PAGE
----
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Keeper Stories – Tuesday, April 4

It is amazing how fast time flies, especially as we see our young orangutans grow and develop! I can’t believe it has been almost two years since Keju was born at the Henry Vilas Zoo. Keju’s name means “cheese” in Indonesian, and she was named by the staff at Henry Vilas to honor her Wisconsin roots. Keju’s mom, Kawan, was not showing proper maternal care, and the Henry Vilas staff did amazing work raising Keju and teaching Kawan maternal skills, but unfortunately after several months Kawan still did not properly care for Keju, so Keju was sent to Zoo Atlanta in hopes Madu would adopt her.

Madu had adopted and raised three orangutan infants before, but they were all boys – so we hoped she would do as well with a girl – and she did! Madu immediately picked up Keju and started to care for her. Since Madu does not produce milk, we needed to bottle-feed Keju throughout the day and night. Madu is trained to bring Keju up to the mesh in their indoor area so we can bottle feed her through the mesh. There is always a protective barrier between us and the orangutans (they are super strong and could unintentionally hurt us) – so once Madu adopted Keju – it was hands off for Keju too – she lived completely with the orangutans. Now, as Keju has grown, she is down to two bottles during the day and no more nighttime feedings. She also now eats more of the food the other orangutans eat – apples, bananas, sweet potatoes, turnips, carrots, lettuce, etc.

It has been a pleasure watching Keju grow and become more confident and independent in her orangutan family. When Keju first arrived, she was timid with exploring new areas or items and clung to Madu tightly until she became more comfortable. Now, she more often leaves Madu to play with the boys or climb the ropes! She wrestles with both her foster brothers, Remy and Dumadi, and has recently become more comfortable approaching the adult male in the group, Chantek – who sits still waiting for her approach.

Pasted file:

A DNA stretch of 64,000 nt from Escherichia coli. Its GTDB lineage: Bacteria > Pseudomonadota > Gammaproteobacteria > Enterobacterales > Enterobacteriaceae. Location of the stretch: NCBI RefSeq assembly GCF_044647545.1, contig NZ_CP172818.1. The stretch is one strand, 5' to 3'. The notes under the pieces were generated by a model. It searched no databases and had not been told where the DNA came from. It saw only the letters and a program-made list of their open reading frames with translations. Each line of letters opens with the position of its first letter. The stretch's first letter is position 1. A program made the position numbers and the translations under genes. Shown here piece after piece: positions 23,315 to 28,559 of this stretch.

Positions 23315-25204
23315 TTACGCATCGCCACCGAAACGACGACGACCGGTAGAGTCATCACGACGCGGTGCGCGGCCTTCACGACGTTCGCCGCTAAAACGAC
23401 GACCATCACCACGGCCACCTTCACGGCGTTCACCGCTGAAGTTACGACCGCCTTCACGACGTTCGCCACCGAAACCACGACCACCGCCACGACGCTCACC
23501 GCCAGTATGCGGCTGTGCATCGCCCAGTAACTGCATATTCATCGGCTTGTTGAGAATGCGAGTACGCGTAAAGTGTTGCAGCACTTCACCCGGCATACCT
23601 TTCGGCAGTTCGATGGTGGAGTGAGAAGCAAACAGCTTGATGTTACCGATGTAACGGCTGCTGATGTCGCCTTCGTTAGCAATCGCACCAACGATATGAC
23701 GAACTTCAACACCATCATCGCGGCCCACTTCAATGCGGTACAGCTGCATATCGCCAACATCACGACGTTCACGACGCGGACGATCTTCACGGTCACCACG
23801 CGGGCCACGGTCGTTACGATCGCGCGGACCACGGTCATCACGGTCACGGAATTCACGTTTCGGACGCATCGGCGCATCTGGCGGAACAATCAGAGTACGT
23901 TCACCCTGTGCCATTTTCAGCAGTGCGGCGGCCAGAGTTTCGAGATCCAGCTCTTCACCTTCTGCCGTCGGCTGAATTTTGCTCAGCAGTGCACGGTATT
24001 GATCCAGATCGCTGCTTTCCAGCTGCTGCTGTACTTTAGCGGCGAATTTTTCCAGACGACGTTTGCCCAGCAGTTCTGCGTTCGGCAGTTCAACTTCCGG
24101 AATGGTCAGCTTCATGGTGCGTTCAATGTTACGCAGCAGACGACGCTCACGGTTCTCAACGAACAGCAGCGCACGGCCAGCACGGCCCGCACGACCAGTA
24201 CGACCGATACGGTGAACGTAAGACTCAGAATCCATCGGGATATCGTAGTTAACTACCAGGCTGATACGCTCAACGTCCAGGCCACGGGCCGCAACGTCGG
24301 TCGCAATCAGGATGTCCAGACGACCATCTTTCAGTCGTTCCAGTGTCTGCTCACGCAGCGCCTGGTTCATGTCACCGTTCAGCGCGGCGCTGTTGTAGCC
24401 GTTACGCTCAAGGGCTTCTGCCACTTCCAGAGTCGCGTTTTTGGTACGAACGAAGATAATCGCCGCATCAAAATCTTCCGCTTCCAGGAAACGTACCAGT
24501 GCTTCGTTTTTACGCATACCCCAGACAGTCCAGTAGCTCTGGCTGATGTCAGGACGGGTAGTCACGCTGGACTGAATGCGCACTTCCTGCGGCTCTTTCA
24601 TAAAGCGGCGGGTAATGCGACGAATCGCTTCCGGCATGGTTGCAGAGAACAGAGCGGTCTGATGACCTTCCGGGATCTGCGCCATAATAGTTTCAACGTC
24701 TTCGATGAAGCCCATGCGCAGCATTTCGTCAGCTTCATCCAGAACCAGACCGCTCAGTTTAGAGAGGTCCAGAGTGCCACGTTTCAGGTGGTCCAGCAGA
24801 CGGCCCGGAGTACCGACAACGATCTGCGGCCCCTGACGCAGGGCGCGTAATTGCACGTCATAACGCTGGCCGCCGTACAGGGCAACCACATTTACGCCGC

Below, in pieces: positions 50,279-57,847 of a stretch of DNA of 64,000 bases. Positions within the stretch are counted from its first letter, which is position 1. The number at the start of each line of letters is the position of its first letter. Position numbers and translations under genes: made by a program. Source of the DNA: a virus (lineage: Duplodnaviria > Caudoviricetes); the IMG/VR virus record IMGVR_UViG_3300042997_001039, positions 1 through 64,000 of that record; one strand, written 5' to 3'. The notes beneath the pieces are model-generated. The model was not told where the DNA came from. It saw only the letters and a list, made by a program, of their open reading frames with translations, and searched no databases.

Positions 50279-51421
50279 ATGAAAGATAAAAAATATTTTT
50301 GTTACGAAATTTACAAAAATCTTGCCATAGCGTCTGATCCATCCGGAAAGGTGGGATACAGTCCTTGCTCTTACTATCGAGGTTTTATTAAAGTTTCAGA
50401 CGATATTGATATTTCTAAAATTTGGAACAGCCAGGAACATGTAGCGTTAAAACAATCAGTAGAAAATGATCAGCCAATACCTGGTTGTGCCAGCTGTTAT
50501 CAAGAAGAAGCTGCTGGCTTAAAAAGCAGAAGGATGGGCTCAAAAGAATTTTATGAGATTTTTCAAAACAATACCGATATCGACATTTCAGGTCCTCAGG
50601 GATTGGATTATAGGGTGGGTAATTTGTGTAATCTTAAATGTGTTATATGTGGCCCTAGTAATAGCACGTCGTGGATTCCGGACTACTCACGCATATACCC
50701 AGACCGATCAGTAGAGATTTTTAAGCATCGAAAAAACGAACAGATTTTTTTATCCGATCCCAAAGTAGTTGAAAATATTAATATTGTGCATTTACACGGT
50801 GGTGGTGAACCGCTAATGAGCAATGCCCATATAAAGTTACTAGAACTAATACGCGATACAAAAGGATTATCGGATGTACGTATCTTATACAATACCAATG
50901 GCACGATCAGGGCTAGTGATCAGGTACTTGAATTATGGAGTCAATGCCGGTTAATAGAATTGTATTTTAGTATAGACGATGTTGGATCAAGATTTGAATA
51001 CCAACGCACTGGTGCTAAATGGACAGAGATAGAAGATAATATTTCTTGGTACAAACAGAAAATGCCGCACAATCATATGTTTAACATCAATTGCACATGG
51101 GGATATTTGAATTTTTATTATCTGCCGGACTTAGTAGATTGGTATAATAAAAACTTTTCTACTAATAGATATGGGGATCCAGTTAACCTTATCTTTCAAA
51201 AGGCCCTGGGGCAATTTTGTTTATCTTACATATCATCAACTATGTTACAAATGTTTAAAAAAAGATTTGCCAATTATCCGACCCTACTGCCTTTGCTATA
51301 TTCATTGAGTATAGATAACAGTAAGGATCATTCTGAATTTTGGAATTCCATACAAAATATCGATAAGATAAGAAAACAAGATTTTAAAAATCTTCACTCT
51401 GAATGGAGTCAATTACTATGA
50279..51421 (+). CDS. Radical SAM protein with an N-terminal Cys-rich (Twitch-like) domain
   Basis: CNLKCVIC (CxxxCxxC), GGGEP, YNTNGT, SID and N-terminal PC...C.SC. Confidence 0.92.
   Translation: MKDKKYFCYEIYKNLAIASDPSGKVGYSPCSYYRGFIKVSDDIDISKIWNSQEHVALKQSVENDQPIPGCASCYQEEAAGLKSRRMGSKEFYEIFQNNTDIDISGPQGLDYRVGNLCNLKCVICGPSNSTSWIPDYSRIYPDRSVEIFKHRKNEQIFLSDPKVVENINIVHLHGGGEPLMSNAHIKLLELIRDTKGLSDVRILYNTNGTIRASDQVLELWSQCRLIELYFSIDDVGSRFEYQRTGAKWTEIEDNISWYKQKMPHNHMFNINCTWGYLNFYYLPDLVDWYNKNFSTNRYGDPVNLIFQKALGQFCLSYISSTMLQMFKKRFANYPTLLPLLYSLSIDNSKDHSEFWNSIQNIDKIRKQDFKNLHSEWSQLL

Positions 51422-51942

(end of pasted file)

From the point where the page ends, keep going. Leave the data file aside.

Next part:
Madu has once again proven to be an excellent teacher. The other day, Madu was teaching Keju how to climb the high ropes by moving a few feet away on the ropes and encouraging Keju to follow her. Also, if Keju doesn’t know how to obtain food from a new enrichment item, she watches Madu and then tries the same technique – usually successfully.

Keju makes a game out of everything, whether it is jumping on a large barrel enrichment toy as if it were a trampoline, or rolling around with large pieces of paper we provide for nesting materials. She seems to have fun with everything! She is also becoming more vocal – making squeaks, raspberry or grunting sounds to get the other orangutans’ (or keepers’) attention!

All AZA zoos work together, and zookeepers stay in touch with each other as animals travel between zoos – providing updates and photos – our animals are extremely important to all of us – so we like to stay in touch! So, last year, I jumped at the chance to visit the Henry Vilas Zoo for an Orangutan Workshop and present on Keju’s progress and visit with the staff at Henry Vilas. But I was also excited to meet Keju’s orangutan parents, Kawan and Datu. It was amazing to watch them and see elements of Keju’s personality and physical traits in both – she resembles both, and so many times, I saw the same facial expressions on them that I have seen from her. It was also great to talk with the staff and share stories and hear how similar Keju is to her parents in many ways.

I have enjoyed watching Keju grow and discover new things and cannot believe she is about to turn 2 years old. To celebrate this milestone, we will be celebrating her birthday this Saturday, April 8, at 2 p.m. at Orangutan Habitat 2 (her actual birthday is April 9, but we wanted to celebrate a day early). We have lots of surprises in store and plan to make this a fun day filled with enrichment for her! Please plan on joining us and wishing a very Happy Birthday to our youngest orangutan, Keju!
Lynn Yakubinis
Lead Keeper, Primates

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